Meth history has been made in Australia following the seizure of a whopping 1.8 tons of it that had been stowed away inside stereo speakers from Bangkok.

In a statement on the bust, which also saw the discovery of millions of dollars of heroin, Australian Border Force Commander Craig Palmer talked about the record-setting stats of their operation.

"This is the largest meth bust we've ever seen in this country and demonstrates not only the brazen nature of those involved in this criminal activity, but the resolve of the ABF in Victoria and around the country to stop these imports," Palmer, who estimated that the haul was the equivalent of 13 percent of the total amount of drugs seized in 2018, said Friday.

The meth was in crystal form and boasted a potential street value of $835 million, per the Associated Pressreport. Given the size and value of this particular Melbourne waterfront bust, authorities are expecting to see a tangible effect on the regional drug industry.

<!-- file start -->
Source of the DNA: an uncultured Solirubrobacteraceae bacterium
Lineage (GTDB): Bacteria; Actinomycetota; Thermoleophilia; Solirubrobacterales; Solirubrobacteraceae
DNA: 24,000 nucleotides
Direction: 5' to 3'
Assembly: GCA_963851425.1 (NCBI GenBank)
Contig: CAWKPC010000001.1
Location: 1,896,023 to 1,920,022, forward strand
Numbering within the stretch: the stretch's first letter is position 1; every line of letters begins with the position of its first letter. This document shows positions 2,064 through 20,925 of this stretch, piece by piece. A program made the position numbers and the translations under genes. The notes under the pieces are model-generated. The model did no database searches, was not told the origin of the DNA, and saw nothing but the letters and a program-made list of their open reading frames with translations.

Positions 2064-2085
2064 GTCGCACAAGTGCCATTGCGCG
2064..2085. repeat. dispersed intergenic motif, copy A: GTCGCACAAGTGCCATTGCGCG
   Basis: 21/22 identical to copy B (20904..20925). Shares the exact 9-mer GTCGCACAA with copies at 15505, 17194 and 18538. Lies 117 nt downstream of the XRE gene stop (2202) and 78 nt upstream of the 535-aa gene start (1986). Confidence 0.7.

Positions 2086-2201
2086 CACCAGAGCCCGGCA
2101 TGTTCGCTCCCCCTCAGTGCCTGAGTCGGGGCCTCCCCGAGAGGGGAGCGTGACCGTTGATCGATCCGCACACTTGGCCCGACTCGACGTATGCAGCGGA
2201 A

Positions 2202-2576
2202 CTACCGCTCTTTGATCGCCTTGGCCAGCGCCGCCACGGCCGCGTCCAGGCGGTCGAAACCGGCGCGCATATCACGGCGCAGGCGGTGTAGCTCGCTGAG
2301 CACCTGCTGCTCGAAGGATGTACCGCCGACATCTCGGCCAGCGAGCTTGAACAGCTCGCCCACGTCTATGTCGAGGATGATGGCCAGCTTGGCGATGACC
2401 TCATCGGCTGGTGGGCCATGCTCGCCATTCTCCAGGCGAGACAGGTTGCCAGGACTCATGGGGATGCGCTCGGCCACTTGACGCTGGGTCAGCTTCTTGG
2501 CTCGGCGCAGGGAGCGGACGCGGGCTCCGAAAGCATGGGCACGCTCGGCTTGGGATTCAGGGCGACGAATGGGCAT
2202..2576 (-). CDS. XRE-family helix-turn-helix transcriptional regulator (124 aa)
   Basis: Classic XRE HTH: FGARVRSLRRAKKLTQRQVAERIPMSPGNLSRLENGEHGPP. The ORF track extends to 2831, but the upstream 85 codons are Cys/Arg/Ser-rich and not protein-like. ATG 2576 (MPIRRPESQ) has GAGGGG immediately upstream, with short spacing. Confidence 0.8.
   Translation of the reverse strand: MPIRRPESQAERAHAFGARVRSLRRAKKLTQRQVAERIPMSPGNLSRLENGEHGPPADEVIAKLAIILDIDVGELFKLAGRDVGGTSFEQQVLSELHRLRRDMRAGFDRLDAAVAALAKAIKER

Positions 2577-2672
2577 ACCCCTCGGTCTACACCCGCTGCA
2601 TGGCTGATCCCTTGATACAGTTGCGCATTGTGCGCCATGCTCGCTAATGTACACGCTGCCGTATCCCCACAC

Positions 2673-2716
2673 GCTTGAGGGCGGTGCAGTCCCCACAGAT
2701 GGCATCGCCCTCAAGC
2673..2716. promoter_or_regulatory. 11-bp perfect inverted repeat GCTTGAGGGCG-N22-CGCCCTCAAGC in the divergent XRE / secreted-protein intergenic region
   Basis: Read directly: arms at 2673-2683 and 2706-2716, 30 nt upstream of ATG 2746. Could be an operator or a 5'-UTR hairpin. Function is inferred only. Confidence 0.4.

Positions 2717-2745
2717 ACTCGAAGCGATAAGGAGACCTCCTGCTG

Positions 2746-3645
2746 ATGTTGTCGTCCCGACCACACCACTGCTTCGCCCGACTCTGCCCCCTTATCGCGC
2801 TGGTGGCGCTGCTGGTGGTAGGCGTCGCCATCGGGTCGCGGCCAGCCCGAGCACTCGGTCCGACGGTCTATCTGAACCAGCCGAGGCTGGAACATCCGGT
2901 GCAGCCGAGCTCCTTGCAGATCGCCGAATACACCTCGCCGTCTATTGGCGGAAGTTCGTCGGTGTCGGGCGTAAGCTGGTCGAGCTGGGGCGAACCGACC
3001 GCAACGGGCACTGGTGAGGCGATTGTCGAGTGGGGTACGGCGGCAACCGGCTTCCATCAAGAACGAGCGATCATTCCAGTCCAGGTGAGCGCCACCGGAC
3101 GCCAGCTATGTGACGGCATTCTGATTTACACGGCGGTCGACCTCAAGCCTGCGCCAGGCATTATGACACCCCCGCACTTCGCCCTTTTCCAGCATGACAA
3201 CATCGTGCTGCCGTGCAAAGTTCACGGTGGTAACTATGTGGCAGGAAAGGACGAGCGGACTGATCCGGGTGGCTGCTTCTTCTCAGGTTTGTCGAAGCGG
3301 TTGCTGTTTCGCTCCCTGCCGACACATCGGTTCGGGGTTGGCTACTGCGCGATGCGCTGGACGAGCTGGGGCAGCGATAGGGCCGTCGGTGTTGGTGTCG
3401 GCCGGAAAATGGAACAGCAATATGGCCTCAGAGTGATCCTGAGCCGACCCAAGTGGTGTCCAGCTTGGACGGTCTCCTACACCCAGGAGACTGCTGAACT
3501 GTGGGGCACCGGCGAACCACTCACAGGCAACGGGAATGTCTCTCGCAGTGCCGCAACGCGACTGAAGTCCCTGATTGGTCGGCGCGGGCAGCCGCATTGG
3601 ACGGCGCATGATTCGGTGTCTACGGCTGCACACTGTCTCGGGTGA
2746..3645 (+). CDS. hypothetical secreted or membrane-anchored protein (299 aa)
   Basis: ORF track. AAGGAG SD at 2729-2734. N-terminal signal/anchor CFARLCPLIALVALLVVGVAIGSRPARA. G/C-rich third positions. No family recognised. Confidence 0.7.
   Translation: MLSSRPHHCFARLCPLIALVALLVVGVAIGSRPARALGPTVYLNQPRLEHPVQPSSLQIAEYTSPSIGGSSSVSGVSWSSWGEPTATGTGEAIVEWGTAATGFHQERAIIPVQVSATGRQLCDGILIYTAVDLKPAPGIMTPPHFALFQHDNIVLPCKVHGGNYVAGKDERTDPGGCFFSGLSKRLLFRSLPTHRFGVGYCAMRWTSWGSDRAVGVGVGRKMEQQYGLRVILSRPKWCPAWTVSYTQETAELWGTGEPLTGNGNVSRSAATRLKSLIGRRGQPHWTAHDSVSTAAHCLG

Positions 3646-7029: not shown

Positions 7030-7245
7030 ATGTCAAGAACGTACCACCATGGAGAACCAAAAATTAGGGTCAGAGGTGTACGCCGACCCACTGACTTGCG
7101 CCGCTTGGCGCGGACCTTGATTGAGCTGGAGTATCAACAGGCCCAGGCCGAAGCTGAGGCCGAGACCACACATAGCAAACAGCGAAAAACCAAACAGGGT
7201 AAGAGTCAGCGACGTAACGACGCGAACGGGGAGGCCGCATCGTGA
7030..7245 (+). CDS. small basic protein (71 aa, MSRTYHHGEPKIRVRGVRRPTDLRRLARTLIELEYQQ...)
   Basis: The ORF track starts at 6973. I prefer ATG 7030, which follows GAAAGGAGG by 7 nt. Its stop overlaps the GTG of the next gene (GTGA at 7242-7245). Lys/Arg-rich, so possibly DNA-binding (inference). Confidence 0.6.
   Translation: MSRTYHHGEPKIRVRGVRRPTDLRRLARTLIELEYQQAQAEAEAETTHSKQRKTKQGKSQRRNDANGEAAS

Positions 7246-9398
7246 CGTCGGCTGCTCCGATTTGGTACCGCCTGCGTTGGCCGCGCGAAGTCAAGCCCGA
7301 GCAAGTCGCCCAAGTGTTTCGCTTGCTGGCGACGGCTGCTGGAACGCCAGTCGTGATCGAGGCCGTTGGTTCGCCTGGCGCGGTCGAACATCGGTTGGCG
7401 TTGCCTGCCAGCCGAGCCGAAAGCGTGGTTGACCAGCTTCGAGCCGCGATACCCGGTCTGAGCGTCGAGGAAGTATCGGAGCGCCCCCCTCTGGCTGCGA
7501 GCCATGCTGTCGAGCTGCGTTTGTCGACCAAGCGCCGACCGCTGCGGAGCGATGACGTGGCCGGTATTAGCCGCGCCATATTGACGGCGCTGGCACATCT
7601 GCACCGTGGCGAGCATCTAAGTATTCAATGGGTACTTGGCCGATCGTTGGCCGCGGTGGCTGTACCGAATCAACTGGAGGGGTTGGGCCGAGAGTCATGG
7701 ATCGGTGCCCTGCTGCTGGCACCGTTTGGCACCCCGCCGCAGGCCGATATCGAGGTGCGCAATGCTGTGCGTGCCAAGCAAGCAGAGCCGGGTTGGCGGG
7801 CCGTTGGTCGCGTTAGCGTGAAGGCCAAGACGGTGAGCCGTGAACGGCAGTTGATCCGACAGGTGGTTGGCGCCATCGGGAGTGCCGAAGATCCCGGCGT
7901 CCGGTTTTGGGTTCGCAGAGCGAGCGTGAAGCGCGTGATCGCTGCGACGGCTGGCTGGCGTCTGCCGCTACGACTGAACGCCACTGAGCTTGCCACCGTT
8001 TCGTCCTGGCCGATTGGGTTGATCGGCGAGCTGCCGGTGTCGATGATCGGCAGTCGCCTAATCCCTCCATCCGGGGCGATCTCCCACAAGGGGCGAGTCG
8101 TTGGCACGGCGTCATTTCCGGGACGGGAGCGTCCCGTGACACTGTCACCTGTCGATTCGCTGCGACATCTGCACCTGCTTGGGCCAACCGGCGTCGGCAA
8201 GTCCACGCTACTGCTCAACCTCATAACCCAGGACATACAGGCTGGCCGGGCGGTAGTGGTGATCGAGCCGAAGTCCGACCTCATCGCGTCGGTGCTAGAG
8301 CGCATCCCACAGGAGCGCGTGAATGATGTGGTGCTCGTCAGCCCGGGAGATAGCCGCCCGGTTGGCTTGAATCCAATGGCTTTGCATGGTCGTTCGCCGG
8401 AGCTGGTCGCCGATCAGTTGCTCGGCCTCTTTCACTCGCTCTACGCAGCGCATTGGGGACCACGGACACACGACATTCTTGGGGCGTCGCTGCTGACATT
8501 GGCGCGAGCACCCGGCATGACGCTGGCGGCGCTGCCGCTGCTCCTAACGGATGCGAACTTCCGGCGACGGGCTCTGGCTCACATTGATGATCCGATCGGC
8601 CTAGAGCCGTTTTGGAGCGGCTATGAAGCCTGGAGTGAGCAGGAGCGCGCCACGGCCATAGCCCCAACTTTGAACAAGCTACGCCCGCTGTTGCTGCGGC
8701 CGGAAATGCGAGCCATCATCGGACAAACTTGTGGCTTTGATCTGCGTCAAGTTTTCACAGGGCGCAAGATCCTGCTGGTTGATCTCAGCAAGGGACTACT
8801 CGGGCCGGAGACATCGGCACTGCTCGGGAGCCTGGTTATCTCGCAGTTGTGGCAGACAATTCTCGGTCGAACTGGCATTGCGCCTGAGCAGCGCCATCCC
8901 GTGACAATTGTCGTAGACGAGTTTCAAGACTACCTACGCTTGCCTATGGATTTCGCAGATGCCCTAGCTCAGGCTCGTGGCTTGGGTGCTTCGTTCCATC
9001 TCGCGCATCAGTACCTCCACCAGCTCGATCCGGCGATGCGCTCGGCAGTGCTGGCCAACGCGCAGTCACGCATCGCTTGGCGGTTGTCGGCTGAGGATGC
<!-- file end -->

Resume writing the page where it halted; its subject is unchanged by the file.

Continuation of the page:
Not everyone agrees with that assessent, however, in part due to the proven high-reward ratio in relation to the obvious risks of such a practice:

As of April 2018, meth stood as Australia's substance of choice by a substantial margin. In fact, stats at the time showed meth use at a level higher than all other substances combined. 

Stateside, recent estimates on meth seizures at the border show an increase of 10 to 20 times what was being intercepted roughly a decade ago. Historically, while the substance's prevalence was subdued because a shift toward painkillers and other substances, much of the 2018 chatter on meth—i.e. this New York Times article—posited an influx of pure, affordable product that's complicating law enforcement’s interception methods.